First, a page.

While the NFL was investigating his team for widespread workplace misconduct, Washington Commanders owner Daniel Snyder conducted a “shadow investigation” to thwart his findings and undermine their findings, a congressional committee found.
The committee said that at Snyder’s direction, his legal team used private detectives to harass and intimidate witnesses and created a 100-page dossier targeting victims, witnesses and journalists who shared “credible public allegations of harassment” against the team.
On Wednesday, the House Committee on Oversight and Reform released a 29-page memo detailing the findings of an eight-month investigation into how commanders and the NFL dealt with allegations of rampant sexual harassment of female team members. The report was released ahead of Wednesday’s hearing, which was attended remotely by league commissioner Roger Goodell.
Snyder turned down two requests to appear, citing “a long-standing business conflict”. At Wednesday’s hearing, Rep. Carolyn B. Maloney, a New York Democrat and chair of the committee, said she plans to subpoena Snyder to testify next week.
In a memo, Maloney wrote that the commission’s investigation uncovered evidence that Snyder sought to discredit those who made claims against the team and create a “accusatory narrative” that Snyder was not to blame for the misconduct that allegedly took place. from 2006 to 2019, almost the entire tenure.
To that end, Snyder and his lawyers also collected thousands of emails from Bruce Allen, who was Commanders executive from 2009 to 2019, in an attempt to accuse Allen of creating a toxic work environment and to try to influence the NFL investigation through direct access to the league and Beth Wilkinson. to the lawyer who ran the league’s report, according to the memo.
A spokesman for Snyder said in a statement that the committee’s investigation was “destined from the start” and said the team dealt with these issues in the workplace “many years ago.”
The memo stated that the NFL was aware of Snyder’s actions “but took no meaningful steps to prevent them.” Wilkinson’s investigation led the league to impose a command fine of $10 million on Snyder and forced him to withdraw from the day-to-day activities of the club, but the NFL did not ask Wilkinson to prepare a written report, a decision that attracted attention from both elected officials and former team members involved in the investigation.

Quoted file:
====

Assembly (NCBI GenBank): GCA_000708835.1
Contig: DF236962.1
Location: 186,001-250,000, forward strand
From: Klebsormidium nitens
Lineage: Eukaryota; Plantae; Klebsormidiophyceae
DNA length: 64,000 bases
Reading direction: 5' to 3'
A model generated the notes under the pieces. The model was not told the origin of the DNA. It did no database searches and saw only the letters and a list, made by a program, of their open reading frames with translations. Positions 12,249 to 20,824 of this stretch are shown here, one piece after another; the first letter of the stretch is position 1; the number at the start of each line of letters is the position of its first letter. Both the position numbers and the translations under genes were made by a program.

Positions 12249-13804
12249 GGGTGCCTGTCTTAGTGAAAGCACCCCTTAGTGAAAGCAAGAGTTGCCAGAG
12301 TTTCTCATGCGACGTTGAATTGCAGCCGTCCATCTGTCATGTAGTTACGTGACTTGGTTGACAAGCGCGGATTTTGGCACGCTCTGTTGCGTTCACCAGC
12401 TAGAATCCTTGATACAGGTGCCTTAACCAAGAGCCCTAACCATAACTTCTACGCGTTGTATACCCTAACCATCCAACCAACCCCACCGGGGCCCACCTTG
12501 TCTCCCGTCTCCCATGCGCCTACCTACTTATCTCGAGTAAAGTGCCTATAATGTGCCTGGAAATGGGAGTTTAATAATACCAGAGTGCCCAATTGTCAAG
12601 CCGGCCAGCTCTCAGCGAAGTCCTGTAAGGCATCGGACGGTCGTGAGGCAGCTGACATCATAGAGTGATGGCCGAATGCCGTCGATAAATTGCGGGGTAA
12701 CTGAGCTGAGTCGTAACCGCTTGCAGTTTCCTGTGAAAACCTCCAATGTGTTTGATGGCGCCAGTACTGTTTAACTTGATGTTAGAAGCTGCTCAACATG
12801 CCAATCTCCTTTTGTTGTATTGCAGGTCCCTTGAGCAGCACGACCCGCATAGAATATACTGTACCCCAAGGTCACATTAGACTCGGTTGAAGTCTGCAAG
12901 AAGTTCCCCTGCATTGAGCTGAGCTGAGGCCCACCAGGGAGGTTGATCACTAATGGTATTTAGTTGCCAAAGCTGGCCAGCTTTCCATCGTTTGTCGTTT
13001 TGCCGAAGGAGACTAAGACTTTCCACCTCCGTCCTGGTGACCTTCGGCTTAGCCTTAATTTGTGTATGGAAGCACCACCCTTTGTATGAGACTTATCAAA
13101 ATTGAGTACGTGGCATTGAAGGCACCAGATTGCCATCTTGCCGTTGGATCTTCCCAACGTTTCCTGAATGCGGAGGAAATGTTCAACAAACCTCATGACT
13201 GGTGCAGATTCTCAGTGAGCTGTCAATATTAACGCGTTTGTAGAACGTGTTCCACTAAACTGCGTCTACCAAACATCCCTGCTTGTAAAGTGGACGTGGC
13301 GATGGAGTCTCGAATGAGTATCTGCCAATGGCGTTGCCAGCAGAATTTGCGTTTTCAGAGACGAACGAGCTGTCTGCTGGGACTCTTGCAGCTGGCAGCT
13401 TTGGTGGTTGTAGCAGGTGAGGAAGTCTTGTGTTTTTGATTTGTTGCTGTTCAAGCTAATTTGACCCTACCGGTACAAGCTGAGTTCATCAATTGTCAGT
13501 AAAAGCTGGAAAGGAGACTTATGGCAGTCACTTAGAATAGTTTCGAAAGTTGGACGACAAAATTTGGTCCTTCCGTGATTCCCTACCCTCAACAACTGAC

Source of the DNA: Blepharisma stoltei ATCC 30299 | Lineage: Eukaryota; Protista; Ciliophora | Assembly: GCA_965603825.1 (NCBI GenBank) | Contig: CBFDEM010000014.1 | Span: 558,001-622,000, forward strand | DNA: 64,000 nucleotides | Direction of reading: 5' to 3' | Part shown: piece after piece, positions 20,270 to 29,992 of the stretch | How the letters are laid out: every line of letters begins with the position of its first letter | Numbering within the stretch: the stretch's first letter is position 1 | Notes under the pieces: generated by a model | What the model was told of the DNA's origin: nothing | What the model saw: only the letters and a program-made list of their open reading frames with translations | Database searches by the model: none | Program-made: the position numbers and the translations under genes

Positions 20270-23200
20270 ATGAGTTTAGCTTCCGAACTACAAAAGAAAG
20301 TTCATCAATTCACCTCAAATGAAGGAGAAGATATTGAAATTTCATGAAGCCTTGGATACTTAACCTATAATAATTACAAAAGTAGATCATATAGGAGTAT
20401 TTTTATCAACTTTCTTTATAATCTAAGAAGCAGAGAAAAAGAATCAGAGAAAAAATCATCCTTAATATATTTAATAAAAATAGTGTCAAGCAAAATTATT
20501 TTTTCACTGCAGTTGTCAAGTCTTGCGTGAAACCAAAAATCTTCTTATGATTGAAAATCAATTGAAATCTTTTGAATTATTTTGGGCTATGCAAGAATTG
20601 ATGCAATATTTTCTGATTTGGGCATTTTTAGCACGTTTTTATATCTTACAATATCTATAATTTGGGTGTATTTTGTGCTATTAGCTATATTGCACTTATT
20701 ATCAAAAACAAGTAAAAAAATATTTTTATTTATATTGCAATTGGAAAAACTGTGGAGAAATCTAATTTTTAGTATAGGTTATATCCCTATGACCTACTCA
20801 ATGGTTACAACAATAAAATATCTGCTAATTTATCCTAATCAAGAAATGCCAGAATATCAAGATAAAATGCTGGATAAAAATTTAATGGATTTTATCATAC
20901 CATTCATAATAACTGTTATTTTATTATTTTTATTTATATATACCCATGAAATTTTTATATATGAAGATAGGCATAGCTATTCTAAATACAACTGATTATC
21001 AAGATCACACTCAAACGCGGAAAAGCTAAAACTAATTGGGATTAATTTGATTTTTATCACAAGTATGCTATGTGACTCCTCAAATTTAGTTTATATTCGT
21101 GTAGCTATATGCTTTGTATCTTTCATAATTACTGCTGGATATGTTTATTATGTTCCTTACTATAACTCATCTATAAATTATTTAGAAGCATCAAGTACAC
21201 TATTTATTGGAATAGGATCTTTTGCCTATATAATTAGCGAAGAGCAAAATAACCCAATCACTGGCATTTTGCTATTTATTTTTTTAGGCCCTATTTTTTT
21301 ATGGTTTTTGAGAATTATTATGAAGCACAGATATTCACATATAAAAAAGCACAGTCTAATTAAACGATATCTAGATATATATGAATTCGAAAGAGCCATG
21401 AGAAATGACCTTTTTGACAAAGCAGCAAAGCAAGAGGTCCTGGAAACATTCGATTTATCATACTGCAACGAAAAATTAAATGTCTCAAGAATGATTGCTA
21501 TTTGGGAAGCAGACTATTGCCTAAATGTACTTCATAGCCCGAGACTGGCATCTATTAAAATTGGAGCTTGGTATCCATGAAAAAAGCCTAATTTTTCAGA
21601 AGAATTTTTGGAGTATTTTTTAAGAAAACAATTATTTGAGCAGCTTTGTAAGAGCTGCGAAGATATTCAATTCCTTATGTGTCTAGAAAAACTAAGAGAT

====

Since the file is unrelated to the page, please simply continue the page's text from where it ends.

Goodell told the committee at Wednesday’s hearing that the league had “good reasons” to limit Wilkinson’s report to an oral briefing, namely to preserve the confidentiality of its members. “We spoke openly and directly about how the workplace culture of commanders has been not only unprofessional but also toxic for too long,” Goodell said in a prepared deposition. He added that the team’s office had undergone a “significant transformation” and that it had “nothing to do with the workplace that was described to this committee.”
Earlier this year, the NFL launched a second investigation into commanders in response to a new sexual harassment allegation directly implicated in Snyder’s February congressional roundtable. Goodell said the results of this investigation, by attorney Mary Jo White, would be released to the public.
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The committee memo also provided further examples of Snyder’s direct role in creating the workplace, which Goodell admitted was marked by widespread disrespect and harassment. The team’s former chief operating officer told the committee that Snyder “refused to take action” against a coach who allegedly groped a public relations officer and fired female employees who were in consensual relationships with male football operations employees while the men kept their jobs.
Besides, This was reported by the Washington Post. that the Wilkinson investigation examined a confidential 2009 settlement of an allegation that Snyder groped an employee and asked her for sex.
Snyder, his wife Tanya, and team president Jason Wright sent a statement to team staff on Wednesday objecting to the “strong and negative manner” in which the team has been described and pointing to “significant” changes to reshape the organization’s culture. .